Phase converters are used to run machinery by converting single phase electricity to three-phase power. There are different types of phase converters. Static, rotary and digital phase converters are the three-phase converters used. However, the most widely used phase converter is the rotary phase converter. Static phase converters have the ability to fire up engines, contrarily, the rotary phase converters are employed to convert single phase power to three-phase power. Digital phase converters rank high, where economical feasibility is concerned. In this article, we discuss the difference between rotary and static phase converters. We also look at the advantages of using a rotary phase converter over a static phase converter.
Static and Rotary Converters - A Comparison
A static phase converter helps a device or an equipment to kick-start. They have a simple construction with a capacitor starting circuit that forces the 3-phase converter to start immediately. The static phase converters do not aid machinery to run for long hours, instead, it only functions as a start-up device for the machine.
A rotary phase converter is a converter that aids in converting a single phase power to a three-phase power. They are capable of running large machinery, for a longer period. It is highly efficient in voltage management, thereby balancing and maintaining power distribution.
Advantages of Rotary Phase Converters over Static Phase Converters
The function of the rotary phase converter is to transform a single phase power to a three-phase power. On the other hand, the static phase converters discharge its capacitor circuit to manage an efficient start. The power that is produced by the static phase converter suffices the start-up of the machinery for a few seconds, whereas, the rotary phase converter aids in the running of the machinery throughout. To fully understand the dynamics behind a rotary phase converter, you need to predominantly understand the working of a rotary phase converter.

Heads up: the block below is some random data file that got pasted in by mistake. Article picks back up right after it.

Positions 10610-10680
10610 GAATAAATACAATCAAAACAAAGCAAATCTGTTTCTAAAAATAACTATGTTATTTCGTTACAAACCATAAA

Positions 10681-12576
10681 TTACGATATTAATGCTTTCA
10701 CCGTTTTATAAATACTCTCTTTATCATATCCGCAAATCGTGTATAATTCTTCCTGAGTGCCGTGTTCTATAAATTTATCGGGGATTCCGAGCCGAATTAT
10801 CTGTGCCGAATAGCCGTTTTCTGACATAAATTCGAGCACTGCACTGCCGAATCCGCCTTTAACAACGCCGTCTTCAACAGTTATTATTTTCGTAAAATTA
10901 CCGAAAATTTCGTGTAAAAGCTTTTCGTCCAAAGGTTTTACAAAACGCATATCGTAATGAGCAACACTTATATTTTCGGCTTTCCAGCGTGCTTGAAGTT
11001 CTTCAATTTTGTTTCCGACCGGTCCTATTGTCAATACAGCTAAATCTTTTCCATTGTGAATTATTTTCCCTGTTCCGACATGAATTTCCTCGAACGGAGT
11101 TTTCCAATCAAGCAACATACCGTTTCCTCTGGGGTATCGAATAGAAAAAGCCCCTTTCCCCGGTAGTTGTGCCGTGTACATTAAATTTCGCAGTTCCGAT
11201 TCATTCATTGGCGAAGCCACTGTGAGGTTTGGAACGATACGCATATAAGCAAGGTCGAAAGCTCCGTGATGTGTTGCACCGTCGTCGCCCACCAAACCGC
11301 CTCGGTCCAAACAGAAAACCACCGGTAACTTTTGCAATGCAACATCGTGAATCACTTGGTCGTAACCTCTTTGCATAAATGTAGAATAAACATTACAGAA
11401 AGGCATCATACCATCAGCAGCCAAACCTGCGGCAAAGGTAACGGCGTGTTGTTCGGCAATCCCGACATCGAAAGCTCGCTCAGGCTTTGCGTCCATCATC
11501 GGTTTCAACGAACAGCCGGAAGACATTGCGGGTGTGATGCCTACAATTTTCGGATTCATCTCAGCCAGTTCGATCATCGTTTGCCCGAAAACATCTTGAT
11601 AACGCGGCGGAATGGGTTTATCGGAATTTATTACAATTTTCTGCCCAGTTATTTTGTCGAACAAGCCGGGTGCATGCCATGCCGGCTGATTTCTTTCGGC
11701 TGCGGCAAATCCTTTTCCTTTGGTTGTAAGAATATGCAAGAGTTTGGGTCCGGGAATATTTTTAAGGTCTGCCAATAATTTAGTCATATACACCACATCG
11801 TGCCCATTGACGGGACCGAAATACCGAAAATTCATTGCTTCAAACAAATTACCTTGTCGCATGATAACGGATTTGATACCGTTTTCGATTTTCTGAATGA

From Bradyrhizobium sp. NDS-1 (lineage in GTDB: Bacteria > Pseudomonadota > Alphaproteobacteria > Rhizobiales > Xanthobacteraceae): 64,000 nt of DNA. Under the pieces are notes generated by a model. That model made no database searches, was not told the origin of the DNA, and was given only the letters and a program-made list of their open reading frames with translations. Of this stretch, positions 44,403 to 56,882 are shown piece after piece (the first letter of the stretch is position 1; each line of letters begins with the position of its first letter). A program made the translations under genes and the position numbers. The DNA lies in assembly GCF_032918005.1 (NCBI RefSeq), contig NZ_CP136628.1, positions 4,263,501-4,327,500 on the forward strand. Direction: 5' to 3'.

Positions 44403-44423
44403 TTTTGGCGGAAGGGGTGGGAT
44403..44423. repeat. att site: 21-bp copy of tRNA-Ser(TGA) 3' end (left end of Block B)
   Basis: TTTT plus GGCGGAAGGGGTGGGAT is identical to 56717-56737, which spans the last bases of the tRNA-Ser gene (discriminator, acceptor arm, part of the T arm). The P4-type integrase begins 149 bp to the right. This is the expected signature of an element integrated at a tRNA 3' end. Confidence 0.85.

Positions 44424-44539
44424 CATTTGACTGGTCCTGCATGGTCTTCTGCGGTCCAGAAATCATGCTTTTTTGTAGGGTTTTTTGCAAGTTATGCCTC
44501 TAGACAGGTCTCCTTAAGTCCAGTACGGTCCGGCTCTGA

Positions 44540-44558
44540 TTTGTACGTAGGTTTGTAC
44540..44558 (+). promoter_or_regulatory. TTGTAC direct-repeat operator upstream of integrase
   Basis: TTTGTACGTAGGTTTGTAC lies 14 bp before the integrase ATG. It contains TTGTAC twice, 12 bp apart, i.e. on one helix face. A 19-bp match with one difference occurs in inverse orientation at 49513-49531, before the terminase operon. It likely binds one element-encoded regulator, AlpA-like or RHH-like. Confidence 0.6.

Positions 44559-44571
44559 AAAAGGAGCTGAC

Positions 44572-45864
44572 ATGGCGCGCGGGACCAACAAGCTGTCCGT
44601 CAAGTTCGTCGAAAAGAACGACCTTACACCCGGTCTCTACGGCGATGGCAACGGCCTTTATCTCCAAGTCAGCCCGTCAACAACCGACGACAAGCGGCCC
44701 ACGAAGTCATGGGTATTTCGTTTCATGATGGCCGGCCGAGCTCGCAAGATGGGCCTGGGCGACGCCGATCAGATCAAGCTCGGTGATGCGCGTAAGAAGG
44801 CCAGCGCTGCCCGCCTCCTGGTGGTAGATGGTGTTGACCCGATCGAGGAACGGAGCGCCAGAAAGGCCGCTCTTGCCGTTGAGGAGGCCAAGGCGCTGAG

Distribution of Power
A static converter has a simple background on which it works. It does not produce a thorough three-phase power due to which the distribution of voltage and power is inefficient. In terms of a rotary phase converter, the distribution of power is even and highly efficient. A motor has the capacity to run for a short while with the static phase converter providing power, however, with rotary phase converters, the time period for which the machinery runs is substantial as the machinery runs on full horsepower.
Span of Control
By span of control, we mean the number of equipment that the static phase is in a position, to manage. For static converters, more than one equipment will not be able to function at one point of time. The rotary phase converters are able to control and manage multiple machines at a given point. Thus, static converters should only be employed for machinery that requires less horsepower. Rotary converters can manage large machinery and can be employed for grinders, welding, industrial ovens, wood working and sanders.
A combination of equipment can work on a rotary phase converter without proving to be a disastrous bet for the machinery. Due to the rotary converters being efficient in distributing balanced power, there are no cases of machinery damage. With static converters, this condition may not hold true. The static phase converters tend to deteriorate and further worsen the condition of machinery due to over heating. They are thus not suitable for higher machinery load.
Through this article, we now know how rotary phase converters can prove to be more advantageous than static phase converters. Don't we?